Some doctors say BlueCross BlueShield's new policy harms patients who need specialty drugs

Staff file photo by Dan Henry/Chattanooga Times Free Press - An aerial of BlueCross BlueShield of Tennessee's headquarters building on Cameron Hill.

Some providers who infuse specialty drugs say a new policy from Tennessee's largest health insurance company could cause them to end the service, threatening their practice and forcing patients to find a new place to receive their life-changing drug infusions.

Starting Jan. 1, BlueCross BlueShield of Tennessee will stop reimbursing providers for certain specialty drugs typically administered in a doctor's office or hospital setting. These expensive medications are used to treat conditions ranging from autoimmune disorders - such as rheumatoid arthritis, Crohn's disease and ulcerative colitis - to some types of cancer and eye conditions. The change doesn't affect drugs patients inject or take on their own.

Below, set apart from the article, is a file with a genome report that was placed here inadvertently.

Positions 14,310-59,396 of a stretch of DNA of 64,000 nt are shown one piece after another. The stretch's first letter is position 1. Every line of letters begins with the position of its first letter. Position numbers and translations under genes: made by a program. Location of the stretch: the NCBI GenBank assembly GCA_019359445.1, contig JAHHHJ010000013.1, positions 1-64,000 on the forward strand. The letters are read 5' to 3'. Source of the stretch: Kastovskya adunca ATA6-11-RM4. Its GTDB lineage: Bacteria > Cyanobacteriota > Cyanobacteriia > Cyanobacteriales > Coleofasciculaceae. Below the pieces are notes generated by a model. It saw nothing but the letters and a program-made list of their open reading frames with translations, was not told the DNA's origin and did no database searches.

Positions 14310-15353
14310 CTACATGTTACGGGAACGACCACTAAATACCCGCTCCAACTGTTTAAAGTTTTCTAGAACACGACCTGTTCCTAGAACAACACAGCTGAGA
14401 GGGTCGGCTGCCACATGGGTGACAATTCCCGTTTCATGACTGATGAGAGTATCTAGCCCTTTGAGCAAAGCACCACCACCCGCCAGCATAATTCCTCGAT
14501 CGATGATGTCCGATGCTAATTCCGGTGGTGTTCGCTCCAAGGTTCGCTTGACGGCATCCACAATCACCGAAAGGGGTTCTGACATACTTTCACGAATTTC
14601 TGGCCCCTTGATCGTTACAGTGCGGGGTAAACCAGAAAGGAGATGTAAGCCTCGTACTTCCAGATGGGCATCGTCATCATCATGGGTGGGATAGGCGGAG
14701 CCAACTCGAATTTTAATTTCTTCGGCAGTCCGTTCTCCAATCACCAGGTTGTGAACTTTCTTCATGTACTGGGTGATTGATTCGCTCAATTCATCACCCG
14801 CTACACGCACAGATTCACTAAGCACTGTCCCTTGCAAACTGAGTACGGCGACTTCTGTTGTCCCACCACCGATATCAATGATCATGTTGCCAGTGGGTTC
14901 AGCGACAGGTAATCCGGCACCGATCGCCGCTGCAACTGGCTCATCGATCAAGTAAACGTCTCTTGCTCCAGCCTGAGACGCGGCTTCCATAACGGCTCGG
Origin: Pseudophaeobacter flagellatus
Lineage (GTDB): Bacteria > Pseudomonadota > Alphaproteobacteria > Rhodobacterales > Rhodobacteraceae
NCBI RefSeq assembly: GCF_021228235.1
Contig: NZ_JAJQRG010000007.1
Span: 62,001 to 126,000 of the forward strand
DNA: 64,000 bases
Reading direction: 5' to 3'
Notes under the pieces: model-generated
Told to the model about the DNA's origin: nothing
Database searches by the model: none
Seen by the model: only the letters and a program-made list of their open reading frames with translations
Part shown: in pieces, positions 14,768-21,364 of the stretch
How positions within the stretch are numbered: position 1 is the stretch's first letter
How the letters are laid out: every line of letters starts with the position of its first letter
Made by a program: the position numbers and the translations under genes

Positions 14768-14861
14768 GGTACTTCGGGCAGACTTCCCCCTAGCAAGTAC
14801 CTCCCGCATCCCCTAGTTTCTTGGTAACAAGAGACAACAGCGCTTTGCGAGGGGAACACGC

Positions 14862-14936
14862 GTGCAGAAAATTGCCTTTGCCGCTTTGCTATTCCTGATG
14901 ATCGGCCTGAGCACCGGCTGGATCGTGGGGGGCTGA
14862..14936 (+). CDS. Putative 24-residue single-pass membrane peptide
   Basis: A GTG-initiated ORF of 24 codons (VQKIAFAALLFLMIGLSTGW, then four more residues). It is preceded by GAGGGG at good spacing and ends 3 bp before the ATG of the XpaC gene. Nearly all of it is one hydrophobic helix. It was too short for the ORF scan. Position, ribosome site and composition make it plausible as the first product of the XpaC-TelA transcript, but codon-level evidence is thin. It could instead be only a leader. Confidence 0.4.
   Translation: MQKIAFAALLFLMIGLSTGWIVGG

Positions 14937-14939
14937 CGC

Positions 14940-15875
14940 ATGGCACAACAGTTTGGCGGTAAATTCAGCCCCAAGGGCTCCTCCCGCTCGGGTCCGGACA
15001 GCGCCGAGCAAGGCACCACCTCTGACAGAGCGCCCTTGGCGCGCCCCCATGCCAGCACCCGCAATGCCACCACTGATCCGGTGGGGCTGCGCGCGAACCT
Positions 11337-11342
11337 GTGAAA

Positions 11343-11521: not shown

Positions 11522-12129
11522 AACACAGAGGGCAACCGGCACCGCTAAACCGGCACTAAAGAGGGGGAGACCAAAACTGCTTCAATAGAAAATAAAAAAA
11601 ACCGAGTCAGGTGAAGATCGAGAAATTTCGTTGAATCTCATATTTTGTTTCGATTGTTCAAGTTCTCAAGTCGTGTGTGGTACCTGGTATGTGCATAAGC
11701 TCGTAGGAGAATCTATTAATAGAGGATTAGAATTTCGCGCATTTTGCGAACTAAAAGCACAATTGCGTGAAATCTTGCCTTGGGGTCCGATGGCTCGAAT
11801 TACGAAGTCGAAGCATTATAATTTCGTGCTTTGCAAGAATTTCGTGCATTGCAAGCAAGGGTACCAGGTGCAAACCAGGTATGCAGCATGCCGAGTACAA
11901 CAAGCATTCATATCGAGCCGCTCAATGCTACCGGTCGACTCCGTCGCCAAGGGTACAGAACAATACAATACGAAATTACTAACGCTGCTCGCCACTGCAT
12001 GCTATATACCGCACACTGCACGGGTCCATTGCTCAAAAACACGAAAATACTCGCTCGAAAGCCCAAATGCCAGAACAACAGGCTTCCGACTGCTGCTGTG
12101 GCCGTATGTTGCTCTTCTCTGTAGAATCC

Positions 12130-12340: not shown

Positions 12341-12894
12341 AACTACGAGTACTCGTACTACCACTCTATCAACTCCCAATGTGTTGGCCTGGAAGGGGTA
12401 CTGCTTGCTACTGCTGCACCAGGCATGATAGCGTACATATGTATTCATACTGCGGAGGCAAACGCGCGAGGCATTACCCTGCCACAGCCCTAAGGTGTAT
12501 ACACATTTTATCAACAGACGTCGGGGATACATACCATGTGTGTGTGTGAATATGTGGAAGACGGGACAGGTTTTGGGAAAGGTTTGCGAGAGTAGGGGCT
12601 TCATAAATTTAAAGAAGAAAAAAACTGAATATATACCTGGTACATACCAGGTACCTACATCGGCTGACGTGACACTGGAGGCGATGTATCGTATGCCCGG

Providers will instead be required to obtain those drugs through a specialty pharmacy in BlueCross BlueShield's preferred network. The move is the insurer's attempt to slow the skyrocketing cost of specialty pharmaceuticals, which account for only 1% of prescriptions but almost half of the company's prescription costs, according to company spokesman Roy Vaughn.

"We're